On Saturday, August 12, 2017, I boarded a Boeing 787 – the Dreamliner –bound for the USA. When I arrived, my phone flashed the horrible headlines: a young woman, known by her friends as a passionate advocate for the disenfranchised, had died at the hands of another. This was no dream. Neither was it an accident.Read More
Even in an increasingly noisy world, Fred Rogers proved you don't have to shout to make your voice heard. He demonstrated that you don’t have to be a president or a general or a Steve Jobs to improve the lives of others — for 30 years and 886 episodes! He made a difference to millions over the course of generations through his message that you are important just by being you.
Fred Rogers was a cultural pioneer. He recognized in the earliest days of television that it was going to have a major impact on the world. He wanted that impact to be positive. But he found that the first attempts at children's programming simply were not right: It was not age-appropriate. It was not respectful. It did not respond to children’s deepest fears nor answer their most pressing questions. He believed that young people were thoughtful people, too, who deserved the best programming possible.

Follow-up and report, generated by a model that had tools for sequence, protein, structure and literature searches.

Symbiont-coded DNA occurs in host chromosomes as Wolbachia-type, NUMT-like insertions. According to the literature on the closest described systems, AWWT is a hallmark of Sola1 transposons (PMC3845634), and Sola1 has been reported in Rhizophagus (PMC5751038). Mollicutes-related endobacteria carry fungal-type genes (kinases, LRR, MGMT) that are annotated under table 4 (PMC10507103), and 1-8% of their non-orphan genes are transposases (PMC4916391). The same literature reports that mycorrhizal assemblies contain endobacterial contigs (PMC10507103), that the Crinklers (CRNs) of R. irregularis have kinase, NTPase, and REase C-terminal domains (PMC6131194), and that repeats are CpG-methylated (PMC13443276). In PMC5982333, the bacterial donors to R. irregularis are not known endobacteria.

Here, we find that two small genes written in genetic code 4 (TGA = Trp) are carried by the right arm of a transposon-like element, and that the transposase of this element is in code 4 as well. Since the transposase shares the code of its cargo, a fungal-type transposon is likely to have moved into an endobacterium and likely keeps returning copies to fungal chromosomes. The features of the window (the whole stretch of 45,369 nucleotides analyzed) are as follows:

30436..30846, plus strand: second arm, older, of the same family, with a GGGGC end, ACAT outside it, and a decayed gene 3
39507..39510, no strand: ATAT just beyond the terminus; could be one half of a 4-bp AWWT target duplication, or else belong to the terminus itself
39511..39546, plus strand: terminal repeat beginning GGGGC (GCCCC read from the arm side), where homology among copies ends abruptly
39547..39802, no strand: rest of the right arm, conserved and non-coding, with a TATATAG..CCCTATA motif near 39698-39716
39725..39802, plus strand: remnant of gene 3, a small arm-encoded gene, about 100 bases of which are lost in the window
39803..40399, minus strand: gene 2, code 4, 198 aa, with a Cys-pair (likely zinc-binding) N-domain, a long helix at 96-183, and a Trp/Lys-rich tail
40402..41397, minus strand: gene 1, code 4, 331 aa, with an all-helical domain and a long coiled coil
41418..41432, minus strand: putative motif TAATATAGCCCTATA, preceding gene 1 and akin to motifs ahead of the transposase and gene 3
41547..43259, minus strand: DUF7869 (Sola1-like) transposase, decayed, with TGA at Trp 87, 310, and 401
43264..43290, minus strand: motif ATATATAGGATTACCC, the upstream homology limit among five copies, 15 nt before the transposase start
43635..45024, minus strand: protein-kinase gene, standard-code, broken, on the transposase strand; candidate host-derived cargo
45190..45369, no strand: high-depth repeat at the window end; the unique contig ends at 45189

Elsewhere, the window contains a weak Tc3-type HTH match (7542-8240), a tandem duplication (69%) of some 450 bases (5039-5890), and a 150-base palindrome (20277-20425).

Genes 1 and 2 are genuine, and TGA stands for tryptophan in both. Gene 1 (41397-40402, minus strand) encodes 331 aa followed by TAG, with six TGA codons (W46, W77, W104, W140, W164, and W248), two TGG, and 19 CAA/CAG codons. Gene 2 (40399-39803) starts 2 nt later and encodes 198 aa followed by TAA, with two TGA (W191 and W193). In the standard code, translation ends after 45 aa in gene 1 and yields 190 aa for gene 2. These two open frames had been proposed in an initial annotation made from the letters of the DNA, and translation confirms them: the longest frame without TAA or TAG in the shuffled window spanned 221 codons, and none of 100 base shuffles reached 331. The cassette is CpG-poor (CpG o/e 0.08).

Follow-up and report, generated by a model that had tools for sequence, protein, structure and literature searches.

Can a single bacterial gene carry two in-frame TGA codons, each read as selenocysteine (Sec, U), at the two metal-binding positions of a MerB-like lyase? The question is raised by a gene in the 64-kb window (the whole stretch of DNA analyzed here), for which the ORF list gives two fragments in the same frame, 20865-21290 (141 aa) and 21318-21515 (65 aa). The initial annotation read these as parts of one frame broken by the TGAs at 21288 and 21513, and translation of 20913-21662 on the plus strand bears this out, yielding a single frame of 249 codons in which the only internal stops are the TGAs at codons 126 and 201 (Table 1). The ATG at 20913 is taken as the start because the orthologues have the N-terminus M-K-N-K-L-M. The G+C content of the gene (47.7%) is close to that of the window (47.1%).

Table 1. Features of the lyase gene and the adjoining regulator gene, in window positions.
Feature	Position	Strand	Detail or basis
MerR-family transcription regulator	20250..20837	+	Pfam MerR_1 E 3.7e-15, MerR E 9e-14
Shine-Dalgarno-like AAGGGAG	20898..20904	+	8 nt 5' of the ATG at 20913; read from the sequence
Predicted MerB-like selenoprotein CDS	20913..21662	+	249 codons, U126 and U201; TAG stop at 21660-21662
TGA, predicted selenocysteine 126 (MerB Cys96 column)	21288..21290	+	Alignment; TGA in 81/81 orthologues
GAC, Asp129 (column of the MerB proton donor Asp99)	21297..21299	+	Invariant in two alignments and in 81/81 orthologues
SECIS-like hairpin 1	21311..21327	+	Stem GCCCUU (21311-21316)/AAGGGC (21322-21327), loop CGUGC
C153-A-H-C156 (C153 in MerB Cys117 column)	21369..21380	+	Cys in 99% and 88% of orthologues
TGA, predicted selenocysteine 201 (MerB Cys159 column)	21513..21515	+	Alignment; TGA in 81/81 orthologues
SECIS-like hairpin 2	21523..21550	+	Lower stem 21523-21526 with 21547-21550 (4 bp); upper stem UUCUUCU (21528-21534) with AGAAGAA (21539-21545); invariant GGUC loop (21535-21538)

Now, you may not recognize the name "Fred" Rogers, but most will have heard of "Mister" Rogers. And some of you reading this post may have had an intimate relationship with him and his neighborhood, as well as the neighborhood of Make-Believe.Read More
E.B. White wrote three of the finest works of literature ever produced in the English language. That they were directed at young people only heightens the achievement since children's book authors rarely get their due. It could be said, in fact, that he put children's literature on the map as a genre in its own right. He certainly opened up the world of reading for many a young imagination, including mine.